Healthy diets, healthy planet: it is possible

By Mario Herrero

17 January 2019

3 minute read

A Ugandan female farms holds a tray of different bean seeds

A Ugandan farmer shows 15 varieties of bean seeds. Photo: Georgina Smith / CIAT

We know that what we eat effects our health but something we probably think about less often is how it effects the planet. Research shows that poor diets can be bad for the environment as well as our waist lines. So how can you eat for a healthy body and world?

Despite being essential, agriculture comes at a cost, including in some cases causing pollution, biodiversity loss and high greenhouse gas emissions.

At the same time, increasing rates of obesity and diabetes tell us that the food we are eating is not good for our health. An estimated 35-43 per cent of patients in Australian hospitals are affected by malnutrition, either obesity or under nutrition.

Up until now we haven’t had scientific consensus on how the planet can feed a population of 10 billion people by 2050. We also haven’t had a comprehensive understanding of how food production needs to change to be sustainable.

The EAT-Lancet Commission (a panel of 37 international experts on nutrition, health, sustainability and policy) developed a report on this challenge. The Healthy diets from sustainable food systems report sets out clear, scientific targets for producing higher quality food without depleting the planet’s resources.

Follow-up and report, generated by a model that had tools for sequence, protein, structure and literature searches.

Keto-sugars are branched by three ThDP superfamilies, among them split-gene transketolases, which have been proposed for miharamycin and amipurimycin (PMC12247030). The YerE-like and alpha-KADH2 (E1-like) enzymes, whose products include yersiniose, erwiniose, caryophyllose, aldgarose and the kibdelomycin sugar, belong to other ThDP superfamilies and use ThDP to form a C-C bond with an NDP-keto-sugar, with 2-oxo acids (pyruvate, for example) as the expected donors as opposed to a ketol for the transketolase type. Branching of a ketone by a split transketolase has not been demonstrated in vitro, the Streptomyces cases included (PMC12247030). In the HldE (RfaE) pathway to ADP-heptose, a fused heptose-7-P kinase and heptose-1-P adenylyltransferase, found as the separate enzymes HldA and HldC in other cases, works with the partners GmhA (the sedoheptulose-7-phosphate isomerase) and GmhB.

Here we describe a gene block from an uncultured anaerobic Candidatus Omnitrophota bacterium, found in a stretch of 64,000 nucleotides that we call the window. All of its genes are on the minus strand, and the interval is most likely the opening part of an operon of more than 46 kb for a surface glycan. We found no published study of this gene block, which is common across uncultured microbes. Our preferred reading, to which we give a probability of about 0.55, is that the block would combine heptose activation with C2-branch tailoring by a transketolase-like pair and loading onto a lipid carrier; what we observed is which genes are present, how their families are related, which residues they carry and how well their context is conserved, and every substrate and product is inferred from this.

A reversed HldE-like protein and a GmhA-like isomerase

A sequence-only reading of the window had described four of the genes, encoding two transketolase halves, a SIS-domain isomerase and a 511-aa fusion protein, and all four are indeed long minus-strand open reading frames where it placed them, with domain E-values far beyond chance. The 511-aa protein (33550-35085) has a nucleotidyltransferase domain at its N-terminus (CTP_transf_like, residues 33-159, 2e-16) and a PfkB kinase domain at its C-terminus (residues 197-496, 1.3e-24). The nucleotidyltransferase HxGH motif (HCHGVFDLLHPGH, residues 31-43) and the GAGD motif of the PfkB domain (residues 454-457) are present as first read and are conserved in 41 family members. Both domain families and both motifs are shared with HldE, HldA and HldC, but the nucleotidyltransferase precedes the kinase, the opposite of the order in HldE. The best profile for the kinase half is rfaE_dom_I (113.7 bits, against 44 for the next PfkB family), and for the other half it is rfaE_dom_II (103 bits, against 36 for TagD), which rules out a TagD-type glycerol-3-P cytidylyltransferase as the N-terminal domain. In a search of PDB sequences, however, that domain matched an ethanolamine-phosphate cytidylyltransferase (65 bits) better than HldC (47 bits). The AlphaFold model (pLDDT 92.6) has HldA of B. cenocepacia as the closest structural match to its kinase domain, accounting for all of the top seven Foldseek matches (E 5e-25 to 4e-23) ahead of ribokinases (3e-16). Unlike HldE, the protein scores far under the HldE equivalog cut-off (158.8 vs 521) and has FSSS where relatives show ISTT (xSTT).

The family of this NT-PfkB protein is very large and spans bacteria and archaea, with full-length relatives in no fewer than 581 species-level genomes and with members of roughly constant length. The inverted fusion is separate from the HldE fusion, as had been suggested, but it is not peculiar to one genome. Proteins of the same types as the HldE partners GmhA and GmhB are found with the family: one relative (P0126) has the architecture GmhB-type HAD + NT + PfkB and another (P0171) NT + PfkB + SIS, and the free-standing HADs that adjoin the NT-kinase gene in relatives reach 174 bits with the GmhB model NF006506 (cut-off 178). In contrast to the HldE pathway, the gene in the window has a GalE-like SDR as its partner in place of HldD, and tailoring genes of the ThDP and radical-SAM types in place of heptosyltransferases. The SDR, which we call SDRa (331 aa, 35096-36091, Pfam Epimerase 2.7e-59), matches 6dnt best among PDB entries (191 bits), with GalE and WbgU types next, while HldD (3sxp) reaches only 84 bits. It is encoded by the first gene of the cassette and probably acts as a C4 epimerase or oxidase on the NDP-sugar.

Working alongside other international research organisations we have developed global data that provides much needed evidence on how and where our agricultural systems can be more productive and sustainable.

The report recommends radical improvements in the way fertilisers are used; minimising over use and increasing use in regions where fertiliser is under applied. Not only would this increase global food production but also improve the water quality of lakes, rivers and oceans.

The report urges we stop the expansion of new agricultural land at the expense of natural ecosystems and better adapt cropping to environmental conditions.

And not surprisingly, we need to strive hard to reduce greenhouse gas emissions from agriculture.

When it comes to what we’re eating, the report calls for a universal global shift towards healthier diets, with less added sugar and processed foods, and higher consumption of plant foods. In addition, a greater focus on reducing food waste.

The Commission sets out a pathway to achieve healthier and more sustainable food systems. This will not only improve our health but also that of our planet and help us to achieve the UN Sustainable Development Goals and Paris Climate Agreement.